“If they hear those issues then, hopefully they can deal with them quickly and bring them back to the board as soon as possible,” Haschak said in a phone call. “But realistically, it’s not going to happen in November — and so it might be December at the earliest, I don’t know. Ideally, [the General Government Committee] would be up to speed on the issues and talk to the stakeholders, as well as the cannabis department, to see what the issues are and really try to move them forward, because the status quo isn’t working.”
“At the edge of a precipice”
Those whose livelihoods are most affected don’t have time to waste, and many that seemed hopeful at the beginning of the day were clearly disheartened by the end of the multiple hours of cannabis discussion.
“To see the conversations happening around the minutiae or the concerns of county liability, versus the concerns of maintaining hundreds of Mendocino County operators’ businesses, thousands of Mendocino County residents’ way of life — we are really at the edge of a precipice here,” Katz said. “I certainly do hope that you reconsider the urgency with which we need to address these issues, because once these folks lose their licenses, they will not be able to come back and the county will not recover.”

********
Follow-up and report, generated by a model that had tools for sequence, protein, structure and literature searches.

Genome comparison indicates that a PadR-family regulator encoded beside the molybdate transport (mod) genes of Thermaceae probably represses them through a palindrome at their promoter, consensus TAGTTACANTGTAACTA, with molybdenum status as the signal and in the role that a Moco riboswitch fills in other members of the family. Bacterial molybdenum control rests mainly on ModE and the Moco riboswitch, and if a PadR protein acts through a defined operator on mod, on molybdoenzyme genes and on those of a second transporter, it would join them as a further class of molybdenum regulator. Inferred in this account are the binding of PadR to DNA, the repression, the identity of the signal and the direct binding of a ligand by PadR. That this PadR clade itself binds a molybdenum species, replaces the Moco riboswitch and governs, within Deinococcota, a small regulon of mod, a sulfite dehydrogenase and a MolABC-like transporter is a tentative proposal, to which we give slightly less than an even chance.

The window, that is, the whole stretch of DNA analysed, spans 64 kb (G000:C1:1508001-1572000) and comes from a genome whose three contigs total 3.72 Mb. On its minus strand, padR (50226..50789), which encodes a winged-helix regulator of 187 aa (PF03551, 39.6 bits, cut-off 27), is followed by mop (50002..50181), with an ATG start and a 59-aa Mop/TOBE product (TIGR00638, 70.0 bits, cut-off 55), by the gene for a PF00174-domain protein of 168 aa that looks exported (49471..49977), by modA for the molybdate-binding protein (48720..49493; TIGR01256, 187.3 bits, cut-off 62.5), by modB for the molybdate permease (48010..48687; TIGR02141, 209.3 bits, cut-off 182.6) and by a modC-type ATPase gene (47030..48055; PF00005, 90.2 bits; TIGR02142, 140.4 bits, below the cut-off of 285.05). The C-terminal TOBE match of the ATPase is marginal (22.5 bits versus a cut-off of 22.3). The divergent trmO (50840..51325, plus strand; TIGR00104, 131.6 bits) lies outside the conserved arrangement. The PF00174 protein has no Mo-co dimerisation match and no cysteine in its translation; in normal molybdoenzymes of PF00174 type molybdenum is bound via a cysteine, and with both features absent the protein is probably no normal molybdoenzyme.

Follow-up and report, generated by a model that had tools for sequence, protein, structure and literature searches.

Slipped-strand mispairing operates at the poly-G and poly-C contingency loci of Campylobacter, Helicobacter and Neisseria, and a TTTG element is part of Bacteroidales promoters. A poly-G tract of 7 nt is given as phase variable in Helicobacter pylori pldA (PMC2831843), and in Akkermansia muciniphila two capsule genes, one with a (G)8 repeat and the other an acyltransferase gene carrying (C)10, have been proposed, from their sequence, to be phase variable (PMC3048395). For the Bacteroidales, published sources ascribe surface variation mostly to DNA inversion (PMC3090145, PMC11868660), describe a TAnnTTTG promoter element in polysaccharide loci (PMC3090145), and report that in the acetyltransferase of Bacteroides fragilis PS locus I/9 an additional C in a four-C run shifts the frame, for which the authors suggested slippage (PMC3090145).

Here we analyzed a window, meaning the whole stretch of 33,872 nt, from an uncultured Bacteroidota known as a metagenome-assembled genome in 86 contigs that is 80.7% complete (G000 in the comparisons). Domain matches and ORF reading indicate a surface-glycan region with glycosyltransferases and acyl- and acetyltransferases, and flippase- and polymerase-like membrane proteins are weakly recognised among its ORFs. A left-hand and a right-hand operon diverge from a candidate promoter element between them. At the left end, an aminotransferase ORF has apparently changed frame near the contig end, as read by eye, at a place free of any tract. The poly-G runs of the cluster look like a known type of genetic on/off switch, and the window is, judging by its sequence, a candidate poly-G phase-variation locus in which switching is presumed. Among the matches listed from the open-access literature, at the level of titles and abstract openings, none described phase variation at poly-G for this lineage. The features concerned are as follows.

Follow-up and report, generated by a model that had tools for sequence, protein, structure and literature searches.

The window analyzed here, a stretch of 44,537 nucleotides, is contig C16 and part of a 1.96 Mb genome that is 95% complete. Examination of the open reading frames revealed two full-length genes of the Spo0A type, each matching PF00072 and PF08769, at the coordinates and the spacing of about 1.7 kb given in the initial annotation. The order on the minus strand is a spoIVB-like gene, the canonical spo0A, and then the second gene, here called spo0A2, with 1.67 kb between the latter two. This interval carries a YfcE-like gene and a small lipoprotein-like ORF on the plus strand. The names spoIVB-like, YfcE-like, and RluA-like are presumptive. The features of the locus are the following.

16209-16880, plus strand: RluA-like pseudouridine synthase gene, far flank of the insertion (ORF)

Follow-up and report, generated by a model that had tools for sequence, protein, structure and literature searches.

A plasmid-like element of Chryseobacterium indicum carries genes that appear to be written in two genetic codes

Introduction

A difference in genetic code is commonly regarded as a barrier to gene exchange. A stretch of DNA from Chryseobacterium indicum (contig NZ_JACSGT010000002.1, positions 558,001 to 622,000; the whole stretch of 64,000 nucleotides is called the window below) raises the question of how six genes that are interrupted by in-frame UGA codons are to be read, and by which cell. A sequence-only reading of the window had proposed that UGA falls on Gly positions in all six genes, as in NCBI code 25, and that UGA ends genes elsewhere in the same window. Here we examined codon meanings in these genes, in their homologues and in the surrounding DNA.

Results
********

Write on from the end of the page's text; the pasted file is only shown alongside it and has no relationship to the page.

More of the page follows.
The next General Government Committee meeting is scheduled for Oct. 17. A discussion on changes to the 10A.17 cannabis ordinance to allow for administrative appeals to cannabis program decisions was pushed from Tuesday’s meeting until the BOS meeting on Nov. 1.Cannabis-Ad-Hoc-Memo
Note: Kate Fishman covers the environment & natural resources for The Mendocino Voice in partnership with a Report For America. Her position is funded by the Community Foundation of Mendocino, Report for America, & our readers. You can support Fishman’s work with a tax-deductible donation here or by emailing [email protected]. Contact her at KFishman@mendovoice.com or at (707) 234-7735. The Voice maintains editorial control and independence.